In an era of online investing, fee compression and budgeting apps – you could question the role of a traditional financial adviser as a relic of a bygone era. Years ago brokers and advisers were the guardians of financial data, the keepers of the stock quote. But today, investors need only an iPhone and a free online brokerage account….or do they? Read on as Colum O’Brien, Head of Retail at Zurich Middle East discusses the value of advice.
Just as anyone can look up a sensible workout regimen, it is not difficult to find online tutorials and guides that teach you how to invest. But if knowledge were sufficient to induce appropriate behaviour, the majority of us would be in perfect health and personal training would be an obsolete profession. However, we all know that while appropriate knowledge is an important and necessary starting point, a coach that ensures you have a plan and stay on track is demonstrably more important.
The team at Vanguard estimate that the value generated by working with a financial adviser is worth roughly 3% a year. These benefits are said to be most profound during times of extreme market movements, like December 2018 –when we become susceptible to bouts of fear and greed, abandoning a well laid out investment strategy. These findings suggest that an adviser is equally important as a behavioural coach and an asset manager.
Although 3% may seem a small annual return for using a financial adviser, anyone familiar with the marvel of compounding understands the enormous power of such performance. This is also highlighted when you look at the wealth of families who receive advice against those who don’t.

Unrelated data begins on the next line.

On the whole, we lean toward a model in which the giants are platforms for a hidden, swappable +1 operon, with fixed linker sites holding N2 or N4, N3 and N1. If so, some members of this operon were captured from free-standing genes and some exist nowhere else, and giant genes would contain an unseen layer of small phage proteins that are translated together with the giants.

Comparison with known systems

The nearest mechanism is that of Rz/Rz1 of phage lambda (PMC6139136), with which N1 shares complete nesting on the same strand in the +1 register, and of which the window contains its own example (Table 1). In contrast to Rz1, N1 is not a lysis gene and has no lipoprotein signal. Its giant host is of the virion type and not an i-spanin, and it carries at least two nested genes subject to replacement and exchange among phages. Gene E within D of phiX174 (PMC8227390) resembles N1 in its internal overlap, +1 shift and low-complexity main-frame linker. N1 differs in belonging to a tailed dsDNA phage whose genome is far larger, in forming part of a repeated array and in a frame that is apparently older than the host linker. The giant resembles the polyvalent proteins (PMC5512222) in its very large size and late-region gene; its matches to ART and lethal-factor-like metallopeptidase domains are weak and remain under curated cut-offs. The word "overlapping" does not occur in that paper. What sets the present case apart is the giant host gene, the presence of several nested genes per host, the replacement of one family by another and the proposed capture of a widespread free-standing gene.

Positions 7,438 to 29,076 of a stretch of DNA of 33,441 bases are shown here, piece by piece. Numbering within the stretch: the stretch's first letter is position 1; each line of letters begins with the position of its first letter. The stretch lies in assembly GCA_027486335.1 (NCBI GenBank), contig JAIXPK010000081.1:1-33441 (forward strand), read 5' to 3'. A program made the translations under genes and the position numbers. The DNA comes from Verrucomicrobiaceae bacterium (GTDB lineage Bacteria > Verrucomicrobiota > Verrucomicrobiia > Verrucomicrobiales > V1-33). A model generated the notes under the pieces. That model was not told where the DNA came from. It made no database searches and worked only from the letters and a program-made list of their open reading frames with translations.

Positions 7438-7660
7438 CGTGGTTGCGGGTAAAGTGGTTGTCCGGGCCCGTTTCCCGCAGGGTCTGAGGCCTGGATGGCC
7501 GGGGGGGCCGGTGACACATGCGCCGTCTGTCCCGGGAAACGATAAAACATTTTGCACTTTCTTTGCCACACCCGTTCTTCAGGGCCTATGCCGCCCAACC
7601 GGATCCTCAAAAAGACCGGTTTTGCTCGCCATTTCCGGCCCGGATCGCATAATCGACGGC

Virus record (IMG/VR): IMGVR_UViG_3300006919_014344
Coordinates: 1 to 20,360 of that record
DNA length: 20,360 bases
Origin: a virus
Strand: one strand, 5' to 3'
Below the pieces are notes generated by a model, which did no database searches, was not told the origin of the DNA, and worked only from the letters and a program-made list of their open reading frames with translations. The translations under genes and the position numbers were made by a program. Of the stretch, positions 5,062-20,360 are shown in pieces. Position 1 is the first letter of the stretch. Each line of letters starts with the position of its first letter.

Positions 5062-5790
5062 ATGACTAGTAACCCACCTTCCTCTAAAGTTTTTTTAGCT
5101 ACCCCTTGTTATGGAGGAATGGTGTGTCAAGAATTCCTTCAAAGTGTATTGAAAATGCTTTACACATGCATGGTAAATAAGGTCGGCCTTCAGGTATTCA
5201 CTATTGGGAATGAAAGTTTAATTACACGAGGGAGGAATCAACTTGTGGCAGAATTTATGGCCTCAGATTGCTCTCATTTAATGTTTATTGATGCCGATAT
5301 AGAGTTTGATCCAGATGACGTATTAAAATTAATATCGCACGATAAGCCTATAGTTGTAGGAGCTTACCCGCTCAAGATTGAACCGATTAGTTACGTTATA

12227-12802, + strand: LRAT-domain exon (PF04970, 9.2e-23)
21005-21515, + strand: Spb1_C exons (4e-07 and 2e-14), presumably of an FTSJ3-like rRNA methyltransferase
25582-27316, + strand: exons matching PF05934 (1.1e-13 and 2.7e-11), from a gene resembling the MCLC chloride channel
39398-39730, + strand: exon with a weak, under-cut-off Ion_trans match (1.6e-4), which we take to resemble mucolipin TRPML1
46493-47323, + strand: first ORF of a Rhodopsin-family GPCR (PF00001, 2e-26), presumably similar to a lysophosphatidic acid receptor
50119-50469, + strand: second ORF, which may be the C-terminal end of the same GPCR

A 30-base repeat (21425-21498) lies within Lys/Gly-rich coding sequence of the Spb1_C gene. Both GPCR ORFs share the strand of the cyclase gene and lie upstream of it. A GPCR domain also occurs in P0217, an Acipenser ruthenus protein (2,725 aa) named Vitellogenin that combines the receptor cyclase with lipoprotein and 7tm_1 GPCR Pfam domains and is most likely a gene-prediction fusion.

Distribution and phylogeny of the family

The headline number for the advice industry, based on a study in Canada, is a 290% wealth difference in favour of advice-givers. The study showed that the households who had chosen and retained a financial adviser, accumulated 290% more assets on average, over 15 years, than those households who did not have an adviser.
The study also showed that the adviser impact was more pronounced over shorter periods. Over four years, Canadian households who had an adviser, accumulated an additional 69% in assets on average, than non-advice households.
Moreover, this study highlighted that households that let their financial adviser go, experienced declines in their investment assets and those who kept their advisers saw the value of their assets increase.
While there is no comparable study in the UAE and no-doubt it would be interesting to conduct one, the results are clear – across the range of scenarios. Good financial advice pays in the short run, but the multiplication of those gains over an investing lifetime is truly staggering. As we look beyond dollars and cents, it is worth considering whether there are quality of life benefits to be enjoyed by working with a financial professional.
The Canadian ‘Value of Advice Report’ found that those who had an adviser were more confident about their ability to retire comfortably and have higher levels of funds for an emergency. Receiving good financial advice pays a dividend that builds both wealth and confidence. The research is unequivocal - a competent financial guide can help you achieve the returns necessary to arrive at your financial destination while simultaneously improving the quality of your journey.
The research strongly supports that they do, both in terms of improving means and quality of life. In simple terms, a good adviser is someone who we will listen when we are worried about our savings and most of all will save us from ourselves. Financial advice is a straight-forward solution to the complex problem of managing investor behaviour.
Get ready to ask the right questions and build a better rapport with your adviser by using our guide to the 10 building blocks for a successful advice relationship.
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